By Robert A. Vella
Idaho and Wyoming are sister states. Not only are they next-door neighbors in the rugged U.S. Mountain West, they share similar histories, culture, demographics, geography, climate, and much more. What they don’t have in common is a particular natural resource widely used for energy since the Industrial Revolution. Idaho doesn’t have much coal, but Wyoming has an abundance of it in the Powder River Basin. That this single difference could result in these two sister states going in opposite economic directions speaks volumes about the way Americans, and perhaps all of humanity, conduct their business and run their affairs.
Idaho’s population is booming, Wyoming is losing people at the fastest rate in the nation, and their respective GDP’s reflect this trend. It would be encouraging to think that the leaders of Idaho wisely diversified their economy, in contrast with the leaders of Wyoming, but that probably isn’t the case. If Idaho had exploitable coal deposits, it would likely be in the same situation as Wyoming is today.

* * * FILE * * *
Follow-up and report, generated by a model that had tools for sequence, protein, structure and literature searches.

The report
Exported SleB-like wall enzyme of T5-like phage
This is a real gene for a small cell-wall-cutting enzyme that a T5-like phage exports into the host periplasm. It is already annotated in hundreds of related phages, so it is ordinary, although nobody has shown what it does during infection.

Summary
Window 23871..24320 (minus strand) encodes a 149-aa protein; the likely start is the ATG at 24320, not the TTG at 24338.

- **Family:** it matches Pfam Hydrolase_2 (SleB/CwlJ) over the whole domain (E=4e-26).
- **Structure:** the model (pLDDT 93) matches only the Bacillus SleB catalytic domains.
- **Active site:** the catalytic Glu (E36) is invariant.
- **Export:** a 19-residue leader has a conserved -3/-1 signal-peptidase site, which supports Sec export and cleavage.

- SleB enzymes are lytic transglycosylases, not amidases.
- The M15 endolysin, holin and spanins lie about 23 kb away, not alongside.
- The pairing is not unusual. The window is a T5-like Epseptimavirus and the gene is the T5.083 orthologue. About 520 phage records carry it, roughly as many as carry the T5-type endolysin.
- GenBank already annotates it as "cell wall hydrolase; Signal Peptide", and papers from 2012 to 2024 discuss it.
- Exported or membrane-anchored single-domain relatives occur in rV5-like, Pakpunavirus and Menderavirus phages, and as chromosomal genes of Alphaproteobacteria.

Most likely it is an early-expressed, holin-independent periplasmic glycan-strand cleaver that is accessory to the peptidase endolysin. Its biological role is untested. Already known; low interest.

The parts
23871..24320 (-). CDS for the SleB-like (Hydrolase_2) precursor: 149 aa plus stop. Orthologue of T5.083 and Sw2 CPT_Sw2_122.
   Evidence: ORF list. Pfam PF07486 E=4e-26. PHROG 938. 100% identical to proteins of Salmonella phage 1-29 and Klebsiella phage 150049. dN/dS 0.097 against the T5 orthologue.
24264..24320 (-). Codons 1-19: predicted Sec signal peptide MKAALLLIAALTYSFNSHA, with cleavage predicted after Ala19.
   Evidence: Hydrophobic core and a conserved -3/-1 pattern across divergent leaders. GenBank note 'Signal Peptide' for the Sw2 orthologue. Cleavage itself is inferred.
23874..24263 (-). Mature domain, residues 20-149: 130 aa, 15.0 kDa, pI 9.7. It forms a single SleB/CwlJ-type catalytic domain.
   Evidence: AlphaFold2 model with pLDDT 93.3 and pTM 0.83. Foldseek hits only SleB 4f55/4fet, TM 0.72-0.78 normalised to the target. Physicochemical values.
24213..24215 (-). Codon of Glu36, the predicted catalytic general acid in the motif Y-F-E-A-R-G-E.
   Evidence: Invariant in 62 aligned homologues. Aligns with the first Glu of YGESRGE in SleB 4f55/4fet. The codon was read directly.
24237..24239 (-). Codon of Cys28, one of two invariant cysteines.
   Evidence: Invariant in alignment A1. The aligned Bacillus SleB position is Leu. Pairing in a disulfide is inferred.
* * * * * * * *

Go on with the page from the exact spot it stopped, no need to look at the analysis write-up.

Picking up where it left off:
Coal, by far the dirtiest of the fossil fuels, is on pace to be the first major industry wiped-out by climate change. It is a very inefficient source of energy, dangerous to extract (for mine workers), expensive to transport, no longer cost-competitive with natural gas and clean energy alternatives (see: ‘Spectacular’ drop in renewable energy costs leads to record global boost), and a political liability to boot. It is also ironic – or, poetic justice – that the fate of Big Coal should be realized by its own hand (the Trump Administration’s move to save it, notwithstanding), for coal was the fuel which initially triggered global warming.
Further reading: Why people really want to move to Idaho but are fleeing Wyoming